Blue Window / Ventana Azul by Indran Amirthanayagam
WITH ALMOST NO subject matter being taboo in postmodern poetry, ironically the oldest subject of all is, for most contemporary poets, strictly off-limits. That subject is love. It actually takes courage to publish a book of love poems in this cynical age. But Indran Amirthanayagam has done just that in his twentieth book of poetry. In the tradition of Pablo Neruda, Octavio Paz, Saint-John Perse, and other poets who were ambassadors for their respective countries, Amirthanayagam is also a diplomat in the US State Department, where he has served his adopted country in Haiti, Peru, Mexico, Canada, Belgium, India, Ivory Coast, and Argentina. Born in Sri Lanka, Amirthanayagam is really a citizen of the world and writes poetry in English, Spanish, Haitian Creole, French, and Portuguese. This latest book of poems was written in Spanish, translated by Jennifer Rathbun, and published in a handsome bilingual edition by Diálogos Books titled Blue Window / Ventana Azul.
This latest book by the prolific polyglot is not exactly a collection of love poems but rather a collection of poems about love. Amirthanayagam charts the course of various forms of love over the course of a diary or an epistolary collection of poems written in free verse. “I don’t have any other / option but to keep / writing you / these daily letters . . .” Writing in the prologue, Juan Carlos Mestre identifies what makes these poems work so well. “It is the persuasive presences of the memory of loved ones that are personalized in the intense experience of these poems, the paradoxical solitude of their multiple discursive voices, the written as a definitive space for celebration and duels, pleasure and love play.”
The poet provides a window into love, a way of seeing into the emotion of love. But we see it through a blue window, one of melancholy rather than exuberant proclamations of adoration. The speaker in these poetic missives is “a man saddened by his sensibilities, / disposed to solitude and jealousy.” But this is not a sad book. These are optimistic poems: “Love is infectious / in the best ways. Let’s keep spreading it / everywhere.” The poet adds, “if one is happy, your neighbor happy, and your neighbor’s / friend happy, /everyone will be happy to a much greater / intensity.” Excellent advice in these troubled times.
Although there is also heartache in these poems, Amirthanayagam explores the ways in which “love tends to erase / the past, sweep away remnants / of arguments and disputes, / so that the body is clean / and our steps fresh.” There is also dark humor in this book, such as in the poem “Foolish Ideas,” which treats that disturbing phenomenon of love that makes the lover, in a desire to shield and protect, imagine horrible things such as thinking he might “Lose you in the middle / of downtown, turn / my head and see you // run over / by a taxi.”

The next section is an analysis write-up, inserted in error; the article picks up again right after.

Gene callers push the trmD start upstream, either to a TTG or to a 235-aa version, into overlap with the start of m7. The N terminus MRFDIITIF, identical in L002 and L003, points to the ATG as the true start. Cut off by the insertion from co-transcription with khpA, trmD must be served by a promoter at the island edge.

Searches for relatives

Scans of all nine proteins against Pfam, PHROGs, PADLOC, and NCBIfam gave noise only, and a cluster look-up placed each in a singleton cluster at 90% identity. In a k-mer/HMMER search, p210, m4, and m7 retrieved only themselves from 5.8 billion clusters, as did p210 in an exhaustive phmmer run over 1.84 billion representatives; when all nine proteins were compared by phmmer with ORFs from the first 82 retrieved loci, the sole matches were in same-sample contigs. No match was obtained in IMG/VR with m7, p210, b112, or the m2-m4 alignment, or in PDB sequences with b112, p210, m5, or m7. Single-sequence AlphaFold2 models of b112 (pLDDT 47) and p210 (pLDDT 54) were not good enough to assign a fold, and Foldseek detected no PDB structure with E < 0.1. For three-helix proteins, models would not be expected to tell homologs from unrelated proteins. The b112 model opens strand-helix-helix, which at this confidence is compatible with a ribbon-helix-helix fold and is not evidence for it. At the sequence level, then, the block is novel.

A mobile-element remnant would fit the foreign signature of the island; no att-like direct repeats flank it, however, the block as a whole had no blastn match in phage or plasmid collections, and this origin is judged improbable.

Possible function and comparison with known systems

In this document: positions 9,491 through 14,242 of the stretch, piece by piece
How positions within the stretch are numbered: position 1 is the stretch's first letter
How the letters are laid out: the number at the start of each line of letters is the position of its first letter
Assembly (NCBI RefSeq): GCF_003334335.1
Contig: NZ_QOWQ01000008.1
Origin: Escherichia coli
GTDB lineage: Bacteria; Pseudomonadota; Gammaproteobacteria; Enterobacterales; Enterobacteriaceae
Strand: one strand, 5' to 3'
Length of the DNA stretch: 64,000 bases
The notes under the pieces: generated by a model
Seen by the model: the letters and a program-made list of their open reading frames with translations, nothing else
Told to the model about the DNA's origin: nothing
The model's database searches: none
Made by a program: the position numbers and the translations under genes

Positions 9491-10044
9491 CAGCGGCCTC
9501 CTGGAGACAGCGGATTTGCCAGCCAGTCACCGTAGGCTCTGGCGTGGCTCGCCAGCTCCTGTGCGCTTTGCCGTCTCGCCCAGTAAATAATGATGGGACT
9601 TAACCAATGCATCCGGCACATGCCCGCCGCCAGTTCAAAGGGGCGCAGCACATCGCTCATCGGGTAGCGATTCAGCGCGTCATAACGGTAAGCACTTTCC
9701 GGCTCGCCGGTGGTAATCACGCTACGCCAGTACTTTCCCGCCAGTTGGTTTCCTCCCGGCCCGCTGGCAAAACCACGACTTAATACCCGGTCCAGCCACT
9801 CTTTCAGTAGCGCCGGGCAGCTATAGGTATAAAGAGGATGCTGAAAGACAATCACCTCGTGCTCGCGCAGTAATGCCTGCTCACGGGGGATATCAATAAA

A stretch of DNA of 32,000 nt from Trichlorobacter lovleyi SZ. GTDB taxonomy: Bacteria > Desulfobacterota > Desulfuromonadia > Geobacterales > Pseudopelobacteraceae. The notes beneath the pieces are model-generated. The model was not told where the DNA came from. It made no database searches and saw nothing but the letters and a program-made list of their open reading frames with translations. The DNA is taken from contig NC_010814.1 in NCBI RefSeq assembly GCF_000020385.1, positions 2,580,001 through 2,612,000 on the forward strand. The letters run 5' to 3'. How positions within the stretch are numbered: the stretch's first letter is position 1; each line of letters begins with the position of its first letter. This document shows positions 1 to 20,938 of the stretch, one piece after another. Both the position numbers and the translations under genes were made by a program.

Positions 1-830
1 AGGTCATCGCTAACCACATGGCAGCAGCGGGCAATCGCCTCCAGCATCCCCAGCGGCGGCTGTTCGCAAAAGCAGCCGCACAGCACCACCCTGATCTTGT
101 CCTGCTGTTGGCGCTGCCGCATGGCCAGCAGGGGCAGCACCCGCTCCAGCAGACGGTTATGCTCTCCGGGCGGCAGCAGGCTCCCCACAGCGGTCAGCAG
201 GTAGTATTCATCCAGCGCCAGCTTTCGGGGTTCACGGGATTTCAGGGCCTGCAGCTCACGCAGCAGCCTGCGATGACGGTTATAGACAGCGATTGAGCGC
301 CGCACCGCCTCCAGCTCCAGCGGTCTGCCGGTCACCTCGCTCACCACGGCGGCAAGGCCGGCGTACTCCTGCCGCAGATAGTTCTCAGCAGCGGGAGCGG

As a translator, I am interested in the ways in which writing in a language other than your native tongue affects one’s style, tone, and even themes. These poems are plainspoken and unpretentious. This works well in the genre of love poetry, which can often be overwrought or unnecessarily zealous to the point of making the reader (and perhaps the loved one) suspicious of the author’s sincerity. It could be that, when Amirthanayagam writes in Spanish, it frees him from the strictures of the English language, which tends to eschew the theme of love, at least in direct address. Perhaps it also makes the poet, in this case, write more cautiously. This is a wise choice when writing about the thematically hazardous territory of love.
There is also the question, of course, as to how much influence the translator exerts. Amirthanayagam wrote the book in Spanish, and it was translated into English by Jennifer Rathbun, professor of Spanish at Ball State University. The translations are for the most part literal and accomplished, and the face-to-face format allows the reader to read both texts and compare if they wish to. In some cases, a poem reads better in the original Spanish. In other cases, the poem gains something in the English translation. Given the predominance of short lines and a free-verse style, the form does not produce the kinds of problems for the translator that, say, a poem written in English in iambic pentameter produces for the translator who translates the poem into Spanish, where iambic pentameter is not necessarily a prevalent meter.
Amirthanayagam, a celebrated cricket player and intense soccer fan, ends the book with an upbeat metaphor for love in “Waiting for the Second Half”:
Yes, it’s only a game and depends
on a human referee,
and the fans cheer for
the team with the home-field
advantage. It’s a drug.
. . . and always we will
have the second half.
Despite its occasional gloomy poem, Blue Window / Ventana Azul affirms the beauty of love in all its forms. In the face of heartbreak, jealousy, despair, grief, distrust, and all the associated hazards of love, the message of this book, at least to this reader, is that despite its dangers, love is still well worth the risks.
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